On the horizon
News from the frontiers of science.
The sea-level pace race
It's official: Sea-level rise is accelerating - though not exactly at a drag-racer's pace. Measurements by Australian scientists indicate that between 1870 and 2001, global sea levels rose an average of just over 7-1/2 inches. But the pace accelerated each year by an additional 0.0005 inches during that period.
The effort combined satellite and tide-gauge measurements to build trends in sea-level rise. If the acceleration rate remains constant, scientists estimate that between 1990 and 2100 the average sea level will have risen 11 to 13 inches, which falls within projections from the UN's Intergovernmental Panel on Climate Change. The results appeared in the Jan. 6 issue of the Geophysical Review Letters.
Too much of a good thing can be tough on plants, even if it's light. The effect of excessive light gets worse if plants face drought or heat waves. Scientists in Britain appear to have found one of the ways plants adapt to excess light.
Using tiny Arabidopsis plants as botanical guinea pigs, a team led by Peter Horton of the University of Sheffield found that the plants turned unneeded light into heat by changing the shape of a protein in the membranes the plants use for photosynthesis. This process gets a boost from a molecule known as zeaxanthin; the more zeaxanthin a plant has, the more heat it can dissipate. The goal of the work is to improve crops grown in harsh conditions.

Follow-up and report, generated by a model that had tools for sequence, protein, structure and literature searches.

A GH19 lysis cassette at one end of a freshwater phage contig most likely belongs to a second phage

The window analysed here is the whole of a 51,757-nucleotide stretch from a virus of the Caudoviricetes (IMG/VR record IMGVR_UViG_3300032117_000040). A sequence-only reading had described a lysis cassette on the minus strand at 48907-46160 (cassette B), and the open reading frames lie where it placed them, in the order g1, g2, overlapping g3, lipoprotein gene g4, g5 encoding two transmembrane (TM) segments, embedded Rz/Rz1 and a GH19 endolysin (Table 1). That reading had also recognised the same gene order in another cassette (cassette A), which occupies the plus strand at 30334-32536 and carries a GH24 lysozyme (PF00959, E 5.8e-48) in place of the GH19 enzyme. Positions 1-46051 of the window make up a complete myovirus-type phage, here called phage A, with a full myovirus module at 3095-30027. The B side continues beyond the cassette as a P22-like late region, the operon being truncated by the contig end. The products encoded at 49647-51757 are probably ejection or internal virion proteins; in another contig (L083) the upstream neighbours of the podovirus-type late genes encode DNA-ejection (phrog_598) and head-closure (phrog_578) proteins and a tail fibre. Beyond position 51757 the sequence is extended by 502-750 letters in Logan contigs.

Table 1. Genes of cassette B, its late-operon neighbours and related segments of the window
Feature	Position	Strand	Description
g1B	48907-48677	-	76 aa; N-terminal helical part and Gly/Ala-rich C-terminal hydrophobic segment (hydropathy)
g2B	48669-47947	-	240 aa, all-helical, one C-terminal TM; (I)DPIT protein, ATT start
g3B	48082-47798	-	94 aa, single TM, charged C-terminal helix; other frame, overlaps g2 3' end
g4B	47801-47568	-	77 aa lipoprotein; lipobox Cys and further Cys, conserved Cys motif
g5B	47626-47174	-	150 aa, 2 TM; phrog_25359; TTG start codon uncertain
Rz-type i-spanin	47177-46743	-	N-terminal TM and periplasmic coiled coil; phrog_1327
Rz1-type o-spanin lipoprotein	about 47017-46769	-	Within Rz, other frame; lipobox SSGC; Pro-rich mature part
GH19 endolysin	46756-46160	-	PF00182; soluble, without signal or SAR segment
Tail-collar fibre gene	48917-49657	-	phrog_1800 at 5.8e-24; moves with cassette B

Two paleontologists in Sweden reported in the journal Nature that they've found evidence that the middle ear found in humans and other species may have originated as gills of ancient fish. Scientists from the University of Uppsala examined the skull of a 370-million-year-old fossil of a Panderichthys, a fish closely related to primitive tetrapods - four-limbed vertebrates that have come to include humans. Their examinations found the Panderichthys's gills were much closer to the structure of the middle ear in early tetrapods than they were to other species of fish. They concluded that this "suggests" early tetrapods' middle ears evolved from the structures early fish used for breathing.